The Middlebury Campus

Simply Light

Dancers unite in Simply Light. (Courtesy/Simply Light)

Dancers unite in Simply Light. (Courtesy/Simply Light)

Dancers unite in Simply Light. (Courtesy/Simply Light)

By Alan Sutton

Tomorrow evening, the Dance Company Middlebury will begin its tour of Simply Light in the Mahaney Center for the Arts before travelling to Smith College, the Monterrey Institute for International Studies, and various public venues in the San Francisco Bay Area. Six students and one alumnus, Paul Matteson ’00, perform in the concert. Cameron McKinney ’14 joins Matteson and professors Catherine Cabeen, Andrea Olsen and Peter Schmitz as a contributing choreographer.

Simply Light takes full advantage of its form as a repertory concert. Each of the seven pieces offers something distinct, creating a compelling experience that raises a plethora of issues and questions. The degree to which the pieces are dissimilar is one of concert’s greatest strengths, almost constantly forcing the viewer to change their mood and the trajectory of their expectations for the remainder of the evening. The breadth of emotional and intellectual stimuli captured in this concert is a treat for seasoned dance fans and promises accessibility to those who are not familiar with contemporary dance.

“I think it is curious that there are so many different ways that one can approach creating contemporary dance,” said Olsen, also the current artistic director of the Dance Company of Middlebury.

“I think one of the challenges for the dancers is to figure out which way each artist is viewing and exploring space.”

Olsen worked with Hannah Pierce ’13 to create a solo piece that is an absolute delight. Pierce’s movement feels carefree yet is highly polished. She commands the large space given her with apparent ease, playfully allowing gravity to seize control of her limbs as she romps about the stage, seemingly aimless and making me yearn for a world of greater simplicity.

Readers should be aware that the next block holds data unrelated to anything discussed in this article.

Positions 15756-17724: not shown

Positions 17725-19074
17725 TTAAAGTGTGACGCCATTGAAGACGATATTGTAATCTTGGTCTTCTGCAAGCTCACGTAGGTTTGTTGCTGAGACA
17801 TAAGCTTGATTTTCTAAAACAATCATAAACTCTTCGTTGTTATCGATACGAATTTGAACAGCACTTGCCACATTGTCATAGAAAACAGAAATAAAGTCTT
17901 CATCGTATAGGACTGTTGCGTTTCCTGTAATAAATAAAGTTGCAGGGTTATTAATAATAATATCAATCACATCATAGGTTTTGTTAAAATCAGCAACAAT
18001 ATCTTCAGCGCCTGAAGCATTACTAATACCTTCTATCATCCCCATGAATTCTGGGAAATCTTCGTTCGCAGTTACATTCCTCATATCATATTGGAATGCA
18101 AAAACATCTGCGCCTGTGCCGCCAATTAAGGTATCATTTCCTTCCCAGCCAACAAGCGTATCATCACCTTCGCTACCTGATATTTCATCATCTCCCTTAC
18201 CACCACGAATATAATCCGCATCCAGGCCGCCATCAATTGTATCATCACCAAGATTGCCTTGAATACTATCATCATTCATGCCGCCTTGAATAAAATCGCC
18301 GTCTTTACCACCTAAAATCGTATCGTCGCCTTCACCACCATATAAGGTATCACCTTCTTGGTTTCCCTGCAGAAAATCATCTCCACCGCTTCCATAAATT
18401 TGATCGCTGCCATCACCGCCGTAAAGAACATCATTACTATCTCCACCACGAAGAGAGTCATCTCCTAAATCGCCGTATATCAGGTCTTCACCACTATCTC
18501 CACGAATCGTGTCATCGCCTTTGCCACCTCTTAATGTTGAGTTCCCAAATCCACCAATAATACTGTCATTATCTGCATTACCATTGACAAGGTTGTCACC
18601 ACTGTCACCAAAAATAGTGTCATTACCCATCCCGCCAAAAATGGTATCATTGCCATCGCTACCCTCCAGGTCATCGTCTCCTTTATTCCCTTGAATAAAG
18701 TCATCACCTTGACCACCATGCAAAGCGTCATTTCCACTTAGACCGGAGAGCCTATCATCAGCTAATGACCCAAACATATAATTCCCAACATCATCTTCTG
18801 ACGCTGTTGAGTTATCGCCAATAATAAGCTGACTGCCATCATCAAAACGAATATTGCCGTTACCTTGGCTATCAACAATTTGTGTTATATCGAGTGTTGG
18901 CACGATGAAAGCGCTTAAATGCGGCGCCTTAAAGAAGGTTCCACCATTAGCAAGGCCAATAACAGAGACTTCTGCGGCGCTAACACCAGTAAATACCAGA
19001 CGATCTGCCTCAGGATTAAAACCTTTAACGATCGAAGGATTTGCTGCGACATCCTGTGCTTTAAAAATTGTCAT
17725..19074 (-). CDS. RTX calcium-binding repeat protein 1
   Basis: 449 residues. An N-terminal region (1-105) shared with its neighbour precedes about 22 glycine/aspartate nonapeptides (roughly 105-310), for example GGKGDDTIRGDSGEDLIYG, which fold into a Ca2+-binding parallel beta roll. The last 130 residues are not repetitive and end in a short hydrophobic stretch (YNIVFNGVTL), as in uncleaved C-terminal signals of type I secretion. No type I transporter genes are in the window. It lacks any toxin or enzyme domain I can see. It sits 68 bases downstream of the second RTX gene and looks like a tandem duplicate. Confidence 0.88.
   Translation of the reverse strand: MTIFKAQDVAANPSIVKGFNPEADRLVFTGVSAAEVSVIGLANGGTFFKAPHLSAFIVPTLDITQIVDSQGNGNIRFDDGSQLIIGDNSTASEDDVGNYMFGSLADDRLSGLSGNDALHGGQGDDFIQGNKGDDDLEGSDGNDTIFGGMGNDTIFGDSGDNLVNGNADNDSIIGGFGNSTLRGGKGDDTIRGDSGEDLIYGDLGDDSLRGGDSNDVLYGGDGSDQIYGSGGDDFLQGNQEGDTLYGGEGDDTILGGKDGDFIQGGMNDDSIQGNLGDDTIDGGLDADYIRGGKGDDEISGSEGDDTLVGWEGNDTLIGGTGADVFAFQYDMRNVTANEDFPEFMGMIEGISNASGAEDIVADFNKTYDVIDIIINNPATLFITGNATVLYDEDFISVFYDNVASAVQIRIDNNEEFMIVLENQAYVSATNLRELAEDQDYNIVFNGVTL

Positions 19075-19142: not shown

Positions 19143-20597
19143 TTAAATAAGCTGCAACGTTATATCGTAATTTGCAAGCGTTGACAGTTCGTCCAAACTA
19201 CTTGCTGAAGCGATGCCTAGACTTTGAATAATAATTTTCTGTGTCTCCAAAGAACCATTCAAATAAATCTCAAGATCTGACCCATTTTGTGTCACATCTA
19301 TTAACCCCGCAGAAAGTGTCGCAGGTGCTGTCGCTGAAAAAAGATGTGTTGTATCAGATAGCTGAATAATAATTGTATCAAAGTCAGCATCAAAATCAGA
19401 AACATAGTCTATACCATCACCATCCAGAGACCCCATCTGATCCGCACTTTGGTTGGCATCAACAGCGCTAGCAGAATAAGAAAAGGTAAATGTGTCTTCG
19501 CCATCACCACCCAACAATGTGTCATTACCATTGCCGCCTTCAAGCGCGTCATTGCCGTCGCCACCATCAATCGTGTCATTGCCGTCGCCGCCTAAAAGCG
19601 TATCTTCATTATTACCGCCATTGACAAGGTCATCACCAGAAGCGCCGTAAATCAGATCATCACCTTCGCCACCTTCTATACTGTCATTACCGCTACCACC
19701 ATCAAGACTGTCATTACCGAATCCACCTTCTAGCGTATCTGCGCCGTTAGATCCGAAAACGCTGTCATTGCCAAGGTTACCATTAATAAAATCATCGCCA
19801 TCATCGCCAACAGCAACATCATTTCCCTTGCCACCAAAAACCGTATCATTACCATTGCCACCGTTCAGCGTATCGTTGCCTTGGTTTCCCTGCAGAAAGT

McKinney’s piece is a powerhouse of energy and strength, drawing on House movement and music styles to create an intense experience for performers and viewers. The piece cleverly starts questioning how technology affects human interaction. The precision of dancers Jessica Lee ’13 and Meredith White ’15 deserves many congratulations, as do McKinney’s improvisational abilities (he improvises throughout the piece).

The concert is wildly inventive without feeling too foreign. Schmitz’s trio creation involves particularly curious movement choices that seem to resist any recognizable style of movement and constantly manipulates line.

“It’s not organic, it’s something new,” explained Schmitz.

The beauty of the straight line is given its moments in Schmitz’s trio, as are perfect arcs, imperfect circles, childish squiggles, and sharp angles. The piece is extraordinarily detailed (most moments involve all the forms of line I just described) and its originality of is matched both by its choreographer’s wit and its performers’ finesse.

“It’s a challenge to do, it’s a challenge to watch, and I think [Schmitz] wants that. I don’t think he wants something where you can say, ‘oh this is expected,’” said Doug LeCours ’15, joined in this piece by Pierce and Sarae Snyder ‘15.

Cabeen’s piece, opening the second half of the show, is among the concert’s darker pieces. There is a sense of constant, present multiplicity of attitudes in this piece, yet the piece (like the concert as a whole) achieves undeniable cohesion. It is a visual feast as a full student-company performance, and someone manages to make me feel suspense despite a lack of narrative behind the piece (or, more likely thanks to some number of buried narratives each artist brought to the creation of this piece). Accompanied by a high risk of collision and an effective electronic score, this piece screams with emotion.

Simply Light begins at 8 p.m. Jan. 25 and 26 in the Dance Theater of the Kevin P. Mahaney ’84 Centre for the Arts.

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